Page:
Breast cancer surgery

    Your doctor can help you choose the best surgery for your situation. Lumpectomy plus radiation therapy may be right for you if:

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      you’ve been diagnosed with early-stage breast cancer

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      you have one tumor that is relatively small compared to the size of your breast

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      you prefer to keep as much of your natural breast tissue as possible

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      you want to avoid mastectomy and reconstruction, which is a more involved process

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      youre able to commit to daily radiation treatments over a period of weeks

    • youre pregnant, which makes radiation therapy unsafe

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      you cant commit to the daily schedule of radiation therapy, or distance from the nearest treatment center makes it impossible for you

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      there are factors that put you at higher-than-average risk for a future breast cancer, such as a strong family history or a confirmed genetic mutation associated with breast cancer risk

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      your surgeon has already made multiple attempts to remove the breast cancer with lumpectomy, but has not been able to completely remove the cancer and obtain clear margins

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      you believe you would have greater peace of mind with a mastectomy even though research shows that lumpectomy plus radiation is just as effective as mastectomy for most women, some decide that they would feel better having the entire breast removed to avoid the anxiety of future breast cancer screenings

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    Breast Reconstruction Surgery After Mastectomy

    After having a mastectomy a woman might want to consider having the breast mound rebuilt to restore the breast’s appearance. This is called breast reconstruction. Although each case is different, most mastectomy patients can have reconstruction. Reconstruction can be done at the same time as the mastectomy or sometime later.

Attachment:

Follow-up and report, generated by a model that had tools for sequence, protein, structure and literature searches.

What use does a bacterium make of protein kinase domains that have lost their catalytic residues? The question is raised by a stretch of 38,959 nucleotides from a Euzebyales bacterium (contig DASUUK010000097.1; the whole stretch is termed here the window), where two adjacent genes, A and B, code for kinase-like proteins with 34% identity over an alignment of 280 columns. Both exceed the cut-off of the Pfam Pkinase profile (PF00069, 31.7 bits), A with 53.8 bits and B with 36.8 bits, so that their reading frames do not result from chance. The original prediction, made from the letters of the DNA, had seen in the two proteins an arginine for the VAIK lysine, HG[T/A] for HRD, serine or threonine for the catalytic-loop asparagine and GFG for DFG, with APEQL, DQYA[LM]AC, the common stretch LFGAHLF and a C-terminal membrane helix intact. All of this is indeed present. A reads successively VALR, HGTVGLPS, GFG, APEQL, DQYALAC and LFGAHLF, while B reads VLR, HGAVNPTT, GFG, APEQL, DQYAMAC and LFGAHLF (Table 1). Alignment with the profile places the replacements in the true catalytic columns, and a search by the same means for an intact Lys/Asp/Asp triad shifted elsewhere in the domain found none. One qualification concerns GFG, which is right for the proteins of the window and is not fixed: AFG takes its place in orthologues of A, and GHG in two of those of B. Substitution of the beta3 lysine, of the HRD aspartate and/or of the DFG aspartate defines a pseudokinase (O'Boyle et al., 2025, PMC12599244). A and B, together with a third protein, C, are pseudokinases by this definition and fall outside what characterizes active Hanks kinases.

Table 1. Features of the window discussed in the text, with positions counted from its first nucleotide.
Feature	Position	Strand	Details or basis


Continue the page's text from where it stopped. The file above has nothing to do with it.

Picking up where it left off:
If you are thinking about having reconstructive surgery, its a good idea to discuss it with your surgeon and a plastic surgeon before your mastectomy. This allows the surgical teams to plan the treatment thats best for you, even if you wait and have the reconstructive surgery later. Insurance companies typically cover breast reconstruction, but you should check with your insurance company so you know what is covered.

    Some women choose not to have reconstructive surgery. Wearing a breast prosthesis is an option for women who want to have the shape of a breast under their clothes without having surgery. Some women are also comfortable with just going flat.

    Using The Npi For Patient Management

    Following primary breast cancer surgery, stratification of patients into different prognostic groups may assist the clinician in selecting which patients should receive systemic adjuvant therapy, either chemotherapy or adjuvant hormonal therapy. Adjuvant chemotherapy is not indicated in patients in an EPG or GPG according to the NPI because the survival advantage is small and outweighed by the risk of potentially life-threatening toxicities. In contrast, however, patients in a MPG or PPG may benefit significantly from anthracycline-based adjuvant polychemotherapy , particularly if the primary invasive carcinoma is hormone receptor negative.